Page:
COLUMBUS—Ohio Senate President Larry Obhof (R-Medina) announced the recent unanimous passage of Senate Bill 201. This legislation revises Ohio’s sentencing structure to ensure that prisoners who behave violently while incarcerated serve longer terms than model inmates who actively engage in rehabilitative programming.
In doing so, the bill empowers judges and the Ohio Department of Rehabilitation and Correction to protect the public, as well as better incentivize inmate rehabilitation and reduce recidivism. The bill is named in honor of Reagan Tokes, an Ohio State student who was murdered in February 2017 by a man who was released from prison despite a lengthy record of violent behavior while incarcerated.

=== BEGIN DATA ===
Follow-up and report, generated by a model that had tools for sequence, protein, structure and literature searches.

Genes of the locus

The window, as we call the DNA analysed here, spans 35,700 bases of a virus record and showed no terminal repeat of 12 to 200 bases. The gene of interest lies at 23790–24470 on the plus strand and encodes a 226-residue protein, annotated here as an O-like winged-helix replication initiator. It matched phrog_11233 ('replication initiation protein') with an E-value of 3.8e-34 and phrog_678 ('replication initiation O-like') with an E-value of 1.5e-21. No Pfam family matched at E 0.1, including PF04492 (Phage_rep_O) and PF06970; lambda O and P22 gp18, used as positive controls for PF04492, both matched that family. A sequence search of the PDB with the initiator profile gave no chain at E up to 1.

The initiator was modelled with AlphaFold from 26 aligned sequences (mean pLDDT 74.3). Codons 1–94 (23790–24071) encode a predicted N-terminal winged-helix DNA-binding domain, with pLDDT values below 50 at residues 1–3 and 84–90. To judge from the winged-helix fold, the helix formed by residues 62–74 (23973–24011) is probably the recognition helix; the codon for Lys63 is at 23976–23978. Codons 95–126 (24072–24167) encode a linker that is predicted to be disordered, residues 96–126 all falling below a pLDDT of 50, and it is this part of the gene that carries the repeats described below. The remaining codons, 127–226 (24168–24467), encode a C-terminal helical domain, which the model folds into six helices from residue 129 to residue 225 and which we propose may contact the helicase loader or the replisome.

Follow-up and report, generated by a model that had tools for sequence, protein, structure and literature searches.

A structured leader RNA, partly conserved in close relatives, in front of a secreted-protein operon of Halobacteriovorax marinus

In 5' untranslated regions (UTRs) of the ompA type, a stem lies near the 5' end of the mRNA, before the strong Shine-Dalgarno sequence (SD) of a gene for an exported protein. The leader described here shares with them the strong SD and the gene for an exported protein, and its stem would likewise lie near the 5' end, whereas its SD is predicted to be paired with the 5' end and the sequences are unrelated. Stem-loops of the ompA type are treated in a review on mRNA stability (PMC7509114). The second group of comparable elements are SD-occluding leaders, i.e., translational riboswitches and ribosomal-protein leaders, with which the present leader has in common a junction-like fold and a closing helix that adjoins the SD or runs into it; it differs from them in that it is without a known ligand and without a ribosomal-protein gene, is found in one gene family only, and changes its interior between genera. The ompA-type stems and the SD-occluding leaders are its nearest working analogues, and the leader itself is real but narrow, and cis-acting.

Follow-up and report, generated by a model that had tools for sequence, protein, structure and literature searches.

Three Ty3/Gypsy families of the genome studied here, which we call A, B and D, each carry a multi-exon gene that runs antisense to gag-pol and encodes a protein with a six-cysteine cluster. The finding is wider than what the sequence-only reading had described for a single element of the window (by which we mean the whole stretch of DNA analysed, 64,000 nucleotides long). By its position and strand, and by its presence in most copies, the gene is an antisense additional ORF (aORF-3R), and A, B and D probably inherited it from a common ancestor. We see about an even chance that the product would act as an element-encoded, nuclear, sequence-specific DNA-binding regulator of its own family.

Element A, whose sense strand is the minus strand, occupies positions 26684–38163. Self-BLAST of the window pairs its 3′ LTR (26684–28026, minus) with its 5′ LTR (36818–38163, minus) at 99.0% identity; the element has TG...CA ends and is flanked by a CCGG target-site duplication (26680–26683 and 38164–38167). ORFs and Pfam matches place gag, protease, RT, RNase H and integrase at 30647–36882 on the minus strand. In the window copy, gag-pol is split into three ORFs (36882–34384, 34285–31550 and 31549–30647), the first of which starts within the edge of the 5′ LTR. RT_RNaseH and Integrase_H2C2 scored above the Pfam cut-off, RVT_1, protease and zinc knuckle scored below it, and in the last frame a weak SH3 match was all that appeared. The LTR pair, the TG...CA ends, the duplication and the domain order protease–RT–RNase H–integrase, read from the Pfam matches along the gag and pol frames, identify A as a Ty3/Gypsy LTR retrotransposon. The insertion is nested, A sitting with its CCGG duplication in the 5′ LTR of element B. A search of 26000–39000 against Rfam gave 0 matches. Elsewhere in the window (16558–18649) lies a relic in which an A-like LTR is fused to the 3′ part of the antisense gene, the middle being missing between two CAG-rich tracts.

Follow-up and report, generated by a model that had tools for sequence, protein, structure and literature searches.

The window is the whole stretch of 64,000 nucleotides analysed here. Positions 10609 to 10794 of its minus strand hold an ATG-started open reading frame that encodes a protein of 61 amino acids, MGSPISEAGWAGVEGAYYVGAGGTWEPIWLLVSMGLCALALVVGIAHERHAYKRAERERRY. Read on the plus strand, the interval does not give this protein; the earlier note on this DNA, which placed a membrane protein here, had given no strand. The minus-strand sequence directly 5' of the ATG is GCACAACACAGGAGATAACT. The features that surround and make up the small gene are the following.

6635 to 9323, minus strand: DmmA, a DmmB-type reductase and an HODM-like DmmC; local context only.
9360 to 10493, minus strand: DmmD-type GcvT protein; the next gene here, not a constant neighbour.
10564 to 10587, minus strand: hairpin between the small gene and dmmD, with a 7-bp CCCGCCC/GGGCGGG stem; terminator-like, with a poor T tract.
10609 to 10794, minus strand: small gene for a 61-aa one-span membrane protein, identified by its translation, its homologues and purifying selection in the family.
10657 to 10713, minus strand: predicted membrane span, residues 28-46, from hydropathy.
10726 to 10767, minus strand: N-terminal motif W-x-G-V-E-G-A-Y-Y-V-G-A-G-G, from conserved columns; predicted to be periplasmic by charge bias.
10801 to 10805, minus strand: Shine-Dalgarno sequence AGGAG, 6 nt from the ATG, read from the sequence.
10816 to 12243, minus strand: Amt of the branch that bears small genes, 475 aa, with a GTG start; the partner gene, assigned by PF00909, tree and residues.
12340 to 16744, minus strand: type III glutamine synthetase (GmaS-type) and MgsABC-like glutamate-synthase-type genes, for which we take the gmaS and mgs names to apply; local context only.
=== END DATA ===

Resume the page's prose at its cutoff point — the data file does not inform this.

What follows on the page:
"We want to provide prisoners with pathways to reform themselves. However, when an inmate continues to choose violence and is hostile to rehabilitation efforts, they are a threat and should serve longer time behind bars," said Obhof. "I appreciate the courage of the Tokes family in advocating for this change in order to help other families avoid the terrible loss they experienced."
Under the bill, first, second, and certain third degree felony offenders will be sentenced to indefinite terms based on the severity of the offense. The range of the term is based on a minimum and a maximum term decided by the sentencing judge. The maximum term will equal 150% of the minimum term.
For more information on the Reagan Tokes Act and how it will protect Ohioans, click here.